In my role as mental health ministry director, I interact with churches from many denominations, as well as many organizations that develop training or specialized expertise to support people with mental health needs, whether mental illness or neurological conditions like autism. Even the government recognizes that churches have an important role to play in supporting individuals and families with mental health needs: Dr. Grcevich and Key Ministry have been part of a diverse working group organized by the Office of Faith-Based Initiatives of the US Department of Health and Human Services to help churches learn how to support local mental health needs.
Each year, Key Ministry hosts one of the largest disability ministry conferences in the United States. Inclusion Fusion 2019 focused significantly on mental health ministry, both the need for such ministry and how local churches can get started. Our 2020 conference will emphasize the needs of vulnerable children, including mental health needs. Our conferences and ongoing conversations with ministries, the federal government and thought leaders give us the opportunity to influence the national conversation about mental health support in churches. We are extremely gratified to see a positive shift taking place, as more ministries rally around the least of these, who are an integral but too often missing part of the body of Christ. We believe Jesus is honored as we work on new ways to meet mental health-related needs and show people His love.
I welcome the opportunity to connect with you or answer any questions you have about Key Ministry. God is doing something really good, and I invite you to be part of this movement that puts hands and feet on the message of the Gospel.
LINK #1: Wang, P.S., Berglund, P.A., & Kessler, R.C. (2003). Patterns and correlates of contacting clergy for mental disorders in the United States. Health Services Research, 38(2), 647-673. http://doi.org/10.1111/1475-6773.00138
LINK #2, 3 and 4
2 – Stanford, Matthew. (September, 2018). Gateway to Hope: A Community-Based Approach to Mental Health Care. Powerpoint slides presented at The Role of the Faith-Based Community as Bridge Builders to the Treatment Community for People with Serious Mental Illness (SMI) meeting, SAMHSA, Rockville, MD.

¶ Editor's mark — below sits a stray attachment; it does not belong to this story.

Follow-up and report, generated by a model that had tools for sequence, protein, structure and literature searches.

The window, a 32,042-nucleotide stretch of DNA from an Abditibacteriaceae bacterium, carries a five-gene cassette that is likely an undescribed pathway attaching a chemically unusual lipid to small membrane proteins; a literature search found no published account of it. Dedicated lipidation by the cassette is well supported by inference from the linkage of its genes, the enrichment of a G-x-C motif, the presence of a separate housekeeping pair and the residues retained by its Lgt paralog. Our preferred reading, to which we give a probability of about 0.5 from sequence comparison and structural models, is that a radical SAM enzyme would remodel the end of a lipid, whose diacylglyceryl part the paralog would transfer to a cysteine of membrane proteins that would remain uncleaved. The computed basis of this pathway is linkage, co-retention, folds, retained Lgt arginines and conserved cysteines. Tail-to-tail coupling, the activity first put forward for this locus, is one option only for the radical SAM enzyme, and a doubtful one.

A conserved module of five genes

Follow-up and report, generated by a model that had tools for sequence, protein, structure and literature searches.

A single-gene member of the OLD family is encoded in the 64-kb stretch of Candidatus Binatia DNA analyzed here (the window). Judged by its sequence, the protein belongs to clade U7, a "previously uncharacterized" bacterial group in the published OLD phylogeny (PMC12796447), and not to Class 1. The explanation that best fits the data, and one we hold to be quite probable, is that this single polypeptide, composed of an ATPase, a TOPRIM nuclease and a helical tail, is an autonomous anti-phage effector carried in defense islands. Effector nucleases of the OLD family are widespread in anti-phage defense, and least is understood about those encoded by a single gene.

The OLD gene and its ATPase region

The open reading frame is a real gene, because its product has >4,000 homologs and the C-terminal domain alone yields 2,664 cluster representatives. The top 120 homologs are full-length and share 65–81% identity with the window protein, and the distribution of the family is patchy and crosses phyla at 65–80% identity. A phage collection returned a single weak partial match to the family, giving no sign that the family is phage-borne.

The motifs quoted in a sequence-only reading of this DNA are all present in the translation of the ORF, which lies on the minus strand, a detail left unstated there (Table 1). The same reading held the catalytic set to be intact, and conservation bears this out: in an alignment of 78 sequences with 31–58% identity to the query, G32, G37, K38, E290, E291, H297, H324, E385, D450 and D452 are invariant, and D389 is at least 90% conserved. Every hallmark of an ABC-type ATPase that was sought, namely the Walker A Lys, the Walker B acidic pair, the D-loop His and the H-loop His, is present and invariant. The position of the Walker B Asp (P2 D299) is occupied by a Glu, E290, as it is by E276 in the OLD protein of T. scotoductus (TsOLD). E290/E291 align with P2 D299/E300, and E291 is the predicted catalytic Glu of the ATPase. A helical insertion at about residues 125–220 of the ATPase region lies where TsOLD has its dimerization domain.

3 – Rosmarin, David. (September, 2018). The Other Side of the Coin: A Consultation Model to Engage Mental Health Professionals and Faith-Based Community Partners. Powerpoint slides presented at The Role of the Faith-Based Community as Bridge Builders to the Treatment Community for People with Serious Mental Illness (SMI) meeting, SAMHSA, Rockville, MD.
4 – Kinghorn, Warren. (September, 2018). Reimagining Health Collaborative. Powerpoint slides presented at The Role of the Faith-Based Community as Bridge Builders to the Treatment Community for People with Serious Mental Illness (SMI) meeting, SAMHSA, Rockville, MD.
Bio of Author:
Catherine Boyle has been impacted by mental health issues her entire life, including her own struggles with anorexia, bulimia, anxiety and depression. Catherine authored Hungry Souls: What the Bible Says About Eating Disorder, and helped launch a ministry home for women with eating disorders. In 2015, Catherine founded Outside In Ministries, focusing on how the church can minister to and with people with mental health issues. Professionally, Catherine served as an executive at a large U.S. bank. Catherine has led various church and community ministries, and has been interviewed for her ministry work on radio, television and in online magazines. Catherine has a BBA in Accounting and an MBA from Virginia Commonwealth University.